Excess nutrients that had been trapped in the bay were diluted and flushed out by the influx of ocean water. As a result, "brown tides" caused by overgrowth of algae have not occurred in Bellport Bay this year, though they continue to plague other parts of the Great South Bay. Eel grass that was starving for sunlight in the murk may regrow, providing better habitat for juvenile clams. Already clammers are reporting "firmer clams" in the bay, Flagg says.
The last inlet that formed in this part of Fire Island, in 1760, stayed open for 60 years before closing naturally. How long the current inlet stays open, and whether it has any lasting effect on the health of Great South Bay, in anybody's guess.
"What we don't know are the long-term effects," says Flagg. "But what we can say objectively is that the water quality is improved."
Follow Dan Vergano on Twitter.

Wednesday, October 30, 2013

What are you waiting for?


Reminder: If you have not filled out your Mid-Atlantic Survey, you need to do it soon. Stand up and be counted!
The Surfrider Foundation, in partnership with Ecotrust, Monmouth University’s Urban Coast Institute, and The Nature Conservancy, and in close coordination with the Mid-Atlantic Regional Council on the Ocean (MARCO), is conducting an online survey of recreational uses such as beach goers, swimmers, beach wildlife viewers, surfers, kayakers, windsurfers, and divers.
Participation is simple: go to 
and enter your email address.
Recreational uses are poorly mapped in the Mid-Atlantic and better information is needed. The information collected in this survey will be incorporated into an online data portal operated by The Mid-Atlantic Regional Council on the Ocean, or MARCO. MARCO is an arrangement by the Governors of New York, New Jersey, Delaware, Maryland, and Virginia to improve the health of Mid-Atlantic ocean and coastal resources, and ensure that they continue to contribute to the economic vitality of coastal communities
The survey will be online until the end of December 2013. 

What are you waiting for?

Saturday, October 12, 2013

Fall Beach Access.


Fall Beach Access.

The Fall Surf Parking Permit is available at the Robert Moses State Park office. This allows you to park in RM Fields 2,3,4,& 5, daytime, when they are closed.

The permit must be displayed on your dashboard. [not your visor]. As always; Surfers to the west, Fishermen to the east of each field.

The good news is that if you already have a State 4X4 Surfing Permit for Democrat Point, The State will honor that as a Fall parking permit. You do NOT need to buy a Fall Parking permit. [If you already bought one, I’m sorry, there are no refunds.]

This season; more than ever you are going to need a Fall Surf Parking Permit for closed fields at Robert Moses State Park. Tim Byrne, The Park Director; has promised to try and keep Field 5 open. He will also try to keep field 2 open as long as funding allows. With everything going on in Government right now...we have no accurate timetable as to when they will close.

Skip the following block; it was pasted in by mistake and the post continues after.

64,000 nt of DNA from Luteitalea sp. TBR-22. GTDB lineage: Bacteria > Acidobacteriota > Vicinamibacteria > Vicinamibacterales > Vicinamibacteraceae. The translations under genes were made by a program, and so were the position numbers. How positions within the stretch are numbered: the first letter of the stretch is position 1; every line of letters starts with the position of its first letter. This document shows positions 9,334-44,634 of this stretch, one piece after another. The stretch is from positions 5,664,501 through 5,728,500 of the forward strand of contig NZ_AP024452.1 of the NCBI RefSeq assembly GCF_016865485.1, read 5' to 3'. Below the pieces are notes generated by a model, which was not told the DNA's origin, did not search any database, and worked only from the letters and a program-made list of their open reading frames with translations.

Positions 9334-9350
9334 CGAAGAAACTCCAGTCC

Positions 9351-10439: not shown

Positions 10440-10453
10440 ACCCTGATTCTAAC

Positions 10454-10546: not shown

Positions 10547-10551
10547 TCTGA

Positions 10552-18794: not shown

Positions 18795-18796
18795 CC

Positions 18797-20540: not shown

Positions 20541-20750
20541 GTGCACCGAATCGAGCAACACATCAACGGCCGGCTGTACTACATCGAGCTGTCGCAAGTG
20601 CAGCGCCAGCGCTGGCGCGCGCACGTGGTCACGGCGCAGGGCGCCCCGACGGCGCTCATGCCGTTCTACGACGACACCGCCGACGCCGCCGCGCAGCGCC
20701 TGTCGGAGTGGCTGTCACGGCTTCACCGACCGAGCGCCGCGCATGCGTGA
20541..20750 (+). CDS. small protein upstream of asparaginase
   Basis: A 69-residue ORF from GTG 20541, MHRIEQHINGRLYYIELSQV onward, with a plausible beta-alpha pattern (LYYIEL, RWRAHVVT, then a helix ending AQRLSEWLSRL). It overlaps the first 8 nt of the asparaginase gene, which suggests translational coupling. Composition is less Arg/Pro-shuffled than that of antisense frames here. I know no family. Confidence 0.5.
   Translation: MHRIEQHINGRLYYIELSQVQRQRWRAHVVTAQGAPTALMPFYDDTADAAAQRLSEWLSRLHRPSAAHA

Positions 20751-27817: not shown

The dredging of Fire Island Inlet has begun again. This time they are expected to increase the hight, length, and depth of both the dune and beach. The plan is to do this from Overlook within Gilgo State Park, to Jones Beach Field 6. That means sometime soon your favorite town beach is about to be buried. There will be all kinds of heavy machinery to stay clear of; both in and out of the water.

Robert Moses field 2,3,4,& 5 may be your only access at times this Fall. So stay safe and clear of the workers.

The State 4X4 Surfing Pass and the Fall Surf parking Pass allow you to Surf, SUP, or Windsurf from all RM parking fields. So remember regular surfers have the right of way.

In addition, While the Parks director has made it clear that Windsurfing and SUP’ing are allowed at Ocean beaches, not everyone reads the memo. So we suggest you keep a copy of the State parks letter dated June 1, 2012 [below] with you, or on your dashboard.



If you have the State 4X4 Fishing Pass you can only use that for fishing; not surfing.

Buy your Fall Pass or risk a ticket and a tow.

Le's be safe out there.

Thank you

LIBAG


Sunday, September 22, 2013

Great effort everyone!











Between the ASAT’s, The AWT, ABK, and just life in general; The Coastal clean up could not have picked a more difficult weekend for you to attend...
Which is why I am so very grateful to those of you that did. It would have been nice to see us all together at RM5. But that just wasn’t practical yesterday.
So I really want to thank Ray, Ron, Jack, Steve, Chris, Dima, & Phil who made an extraordinary effort to be at RM5.
WE had over 40 volunteers at Gilgo, and 25 at RM5. At RM 2 we saw old friends; in Oyster Bay, we rubbed elbows with Billy Joel; in J-Bay, LB, and the East End; we made new friends.
I’ll post the data once we are done counting all the trash.
Great effort everyone!

Saturday, August 31, 2013

Fall lineup.


This just in...State Beach Passes on sale Tuesday.


NYS 4x4 Surfing and Fishing permits will be on sale at both Regional Headquarters and Robert Moses State Park beginning this Tuesday, September 3, 2013.  The hours for Regional Headquarters are 9:00 AM – 4:45 PM and Robert Moses State Park the hours are 9:00 AM – 5:00 PM.

George Gorman, Jr.
Deputy Regional Director
New York State Office of Parks, Recreation and Historic Preservation
++++++++++++++++++++++++++++++++++++++++++++++++++++++++


LIBAG.ORG   http://libeach.blogspot.com  Will be holding two Beach Clean Ups on Saturday, September 21, 2013. 10:00 AM